“You gotta have Space!” comes the cry, as we all yearn for realistic reverbs in our mixes. EastWest might be able to assist, so Dave Gale gets lost in spaces
Price £399 + Tax $199 upgrade from Spaces
Contact EastWest Sounds | www.soundsonline.com
Spaces II key features:
- Large Collection of 1,020 reverbs
- Recorded in locations worldwide
- 24-bit True Stereo, with surround capability
- New convolution engine & user interface
- Includes 372 instrument specific reverbs
- Decay time control included
- 1.7GB of disk space required
- Requires iLok account for authorisation
If you often find your lounge masquerading as a live room, the chances are it’ll not be known for its flair on the acoustic front, so the time-honoured tack is to record close and add something reverberated during the mix stage. But wouldn’t it be useful to have some beautiful reverberated venues accurately recreated and ready to use on your computer?
Acting on impulse
So first point of clarification, Spaces II is a convolution reverb, which means it falls into the segment of reverb based plug-ins that are designed to digitally recreate organic and natural spaces, man-made or otherwise. This process is undertaken by finding suitable locations in order to record a set of Impulse Responses, IR for short. This allows for an acoustic map to be generated, which can be employed within a plug-in such as Spaces II to create something sounding realistic and natural, or at least within the realms of venues such as concert halls and churches.
If you crave something on a larger scale, EastWest has also included caves and forests, along with a myriad of other useful settings such as an LA-based soundstage, recreations of classic digital reverberators, and even train stations and swimming pools. To put it another way, if you can’t find something suitable within this vast collection, you might want to check that the volume on your monitoring is turned up. It’s a behemoth of a collection!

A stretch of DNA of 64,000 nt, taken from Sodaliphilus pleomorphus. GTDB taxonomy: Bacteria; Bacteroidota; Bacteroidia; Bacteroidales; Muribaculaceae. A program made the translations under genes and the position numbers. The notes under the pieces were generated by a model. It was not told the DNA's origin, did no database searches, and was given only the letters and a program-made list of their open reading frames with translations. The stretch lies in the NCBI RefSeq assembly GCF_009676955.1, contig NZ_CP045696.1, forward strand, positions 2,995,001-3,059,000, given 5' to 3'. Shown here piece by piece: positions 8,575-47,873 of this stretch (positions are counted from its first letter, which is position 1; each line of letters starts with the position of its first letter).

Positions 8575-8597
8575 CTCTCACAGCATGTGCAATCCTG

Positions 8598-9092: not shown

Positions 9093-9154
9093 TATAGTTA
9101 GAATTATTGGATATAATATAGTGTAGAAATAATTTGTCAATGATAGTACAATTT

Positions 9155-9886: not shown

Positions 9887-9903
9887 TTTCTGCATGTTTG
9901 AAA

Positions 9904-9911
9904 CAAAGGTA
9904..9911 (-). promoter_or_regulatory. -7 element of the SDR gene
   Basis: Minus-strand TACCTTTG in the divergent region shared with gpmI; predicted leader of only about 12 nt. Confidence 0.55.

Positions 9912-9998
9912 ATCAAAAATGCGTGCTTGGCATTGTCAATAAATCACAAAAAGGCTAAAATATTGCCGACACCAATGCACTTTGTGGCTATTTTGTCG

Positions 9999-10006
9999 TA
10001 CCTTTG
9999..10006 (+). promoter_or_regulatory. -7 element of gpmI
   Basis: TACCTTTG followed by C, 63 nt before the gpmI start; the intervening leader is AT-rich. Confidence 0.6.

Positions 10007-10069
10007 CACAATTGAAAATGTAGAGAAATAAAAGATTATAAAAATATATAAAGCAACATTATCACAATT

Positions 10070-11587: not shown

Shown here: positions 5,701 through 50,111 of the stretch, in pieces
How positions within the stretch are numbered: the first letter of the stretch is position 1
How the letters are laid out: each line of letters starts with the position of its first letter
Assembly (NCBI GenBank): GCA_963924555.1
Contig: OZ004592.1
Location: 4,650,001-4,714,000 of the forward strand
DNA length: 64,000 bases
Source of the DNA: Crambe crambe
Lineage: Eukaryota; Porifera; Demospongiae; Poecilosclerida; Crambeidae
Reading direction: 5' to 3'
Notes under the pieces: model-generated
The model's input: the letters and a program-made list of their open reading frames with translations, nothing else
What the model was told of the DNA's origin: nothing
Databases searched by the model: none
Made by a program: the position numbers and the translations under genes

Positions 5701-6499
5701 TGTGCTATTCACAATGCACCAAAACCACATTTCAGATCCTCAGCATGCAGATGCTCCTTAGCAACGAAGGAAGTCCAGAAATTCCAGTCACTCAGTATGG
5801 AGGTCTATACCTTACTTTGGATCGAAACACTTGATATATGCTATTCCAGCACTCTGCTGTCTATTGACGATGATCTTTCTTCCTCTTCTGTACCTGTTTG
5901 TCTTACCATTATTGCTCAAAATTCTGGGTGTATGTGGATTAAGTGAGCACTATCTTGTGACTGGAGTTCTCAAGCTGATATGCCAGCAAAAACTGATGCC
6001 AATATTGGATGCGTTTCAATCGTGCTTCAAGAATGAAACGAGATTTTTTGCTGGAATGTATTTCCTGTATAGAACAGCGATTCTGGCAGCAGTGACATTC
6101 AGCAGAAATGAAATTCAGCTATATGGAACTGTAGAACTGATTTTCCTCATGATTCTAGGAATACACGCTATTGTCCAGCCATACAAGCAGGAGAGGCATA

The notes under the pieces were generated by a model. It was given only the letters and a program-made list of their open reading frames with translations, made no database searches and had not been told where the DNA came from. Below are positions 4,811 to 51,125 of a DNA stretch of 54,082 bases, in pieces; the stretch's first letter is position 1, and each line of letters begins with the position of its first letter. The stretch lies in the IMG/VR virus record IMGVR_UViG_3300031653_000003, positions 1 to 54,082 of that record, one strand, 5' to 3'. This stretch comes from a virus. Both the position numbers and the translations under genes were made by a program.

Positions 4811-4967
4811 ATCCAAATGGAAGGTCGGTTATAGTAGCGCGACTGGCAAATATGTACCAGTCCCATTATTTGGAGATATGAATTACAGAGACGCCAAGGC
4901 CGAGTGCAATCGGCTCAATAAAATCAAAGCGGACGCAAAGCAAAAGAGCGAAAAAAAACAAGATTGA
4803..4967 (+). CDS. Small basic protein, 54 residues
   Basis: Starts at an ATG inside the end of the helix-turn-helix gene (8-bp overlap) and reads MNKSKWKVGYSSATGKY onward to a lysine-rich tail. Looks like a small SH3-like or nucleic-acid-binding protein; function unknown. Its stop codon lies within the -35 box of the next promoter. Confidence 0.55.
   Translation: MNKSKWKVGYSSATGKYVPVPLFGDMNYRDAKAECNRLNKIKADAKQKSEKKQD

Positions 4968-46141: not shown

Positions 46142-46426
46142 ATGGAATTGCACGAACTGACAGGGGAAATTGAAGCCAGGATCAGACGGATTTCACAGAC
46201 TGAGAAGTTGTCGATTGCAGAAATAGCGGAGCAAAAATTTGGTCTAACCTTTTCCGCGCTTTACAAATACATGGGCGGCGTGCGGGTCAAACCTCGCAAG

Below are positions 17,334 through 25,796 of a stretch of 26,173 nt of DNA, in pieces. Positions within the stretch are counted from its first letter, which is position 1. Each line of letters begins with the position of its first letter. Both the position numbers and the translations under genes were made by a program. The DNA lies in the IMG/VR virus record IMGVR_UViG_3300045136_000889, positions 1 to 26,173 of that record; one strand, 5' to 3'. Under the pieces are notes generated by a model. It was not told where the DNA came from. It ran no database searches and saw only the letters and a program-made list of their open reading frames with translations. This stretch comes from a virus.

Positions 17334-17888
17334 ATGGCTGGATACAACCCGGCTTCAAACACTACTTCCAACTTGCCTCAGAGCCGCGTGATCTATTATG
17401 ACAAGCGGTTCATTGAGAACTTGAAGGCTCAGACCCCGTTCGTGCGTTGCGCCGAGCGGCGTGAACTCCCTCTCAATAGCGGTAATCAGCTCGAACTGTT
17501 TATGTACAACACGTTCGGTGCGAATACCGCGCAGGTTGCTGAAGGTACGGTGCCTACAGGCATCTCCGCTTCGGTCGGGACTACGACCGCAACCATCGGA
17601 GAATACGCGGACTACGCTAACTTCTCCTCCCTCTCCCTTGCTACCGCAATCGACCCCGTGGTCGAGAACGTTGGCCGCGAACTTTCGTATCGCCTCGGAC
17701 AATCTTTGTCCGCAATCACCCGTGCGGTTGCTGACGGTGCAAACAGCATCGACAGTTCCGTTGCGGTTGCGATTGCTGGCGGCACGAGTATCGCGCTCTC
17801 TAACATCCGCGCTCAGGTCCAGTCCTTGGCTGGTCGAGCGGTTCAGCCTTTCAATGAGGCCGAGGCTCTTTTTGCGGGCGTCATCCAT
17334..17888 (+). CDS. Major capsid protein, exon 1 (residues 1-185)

Diving into the pool
Being drawn to the abstract, I thought I’d start with the Berlin Swimming Pool. Pulling up a Pizzicato string section, to allow for maximum scrutiny of the reverberation decay, the resulting lush texture was not as bright as I thought it might be; more a pretty natural setting with plenty of decay time. I was hit by the large slap-back quotient, but EastWest has helpfully placed a Pre-delay pot in constant view, meaning that along with the input, and wet and dry amounts, it’s easy to dial things up or down at required.
Calling up patches is very easy, with navigation through the wealth of content proving to be a breeze. As if to underpin your patch choice, each setting displays a photo of the recorded venue, which is a really nice touch. Each patch in the menu hierarchy also displays the maximum reverberation time. Basic editing of each patch is equally simple; by clicking on decay, it’s possible to shorten the reverberation time with a preset degree of roll off. Filtering is pretty similar, with rolls offs being available to the top and bottom ends. This will prove especially useful in orchestral settings, where the rumbling of double basses can often be an issue.
Moving onto something altogether more befitting of an orchestral string section, I headed for the concert hall section. The offerings here are unsurprisingly weighted toward US-based venues, but I was delighted to see the inclusion of the Davies Hall, which is a venue associated with the fantastic San Francisco Symphony Orchestra. Offering either a Mono to Stereo or True Stereo configuration, the latter is something of a prize, as stereo correlation of an incoming signal will be treated as it would be in the hall itself.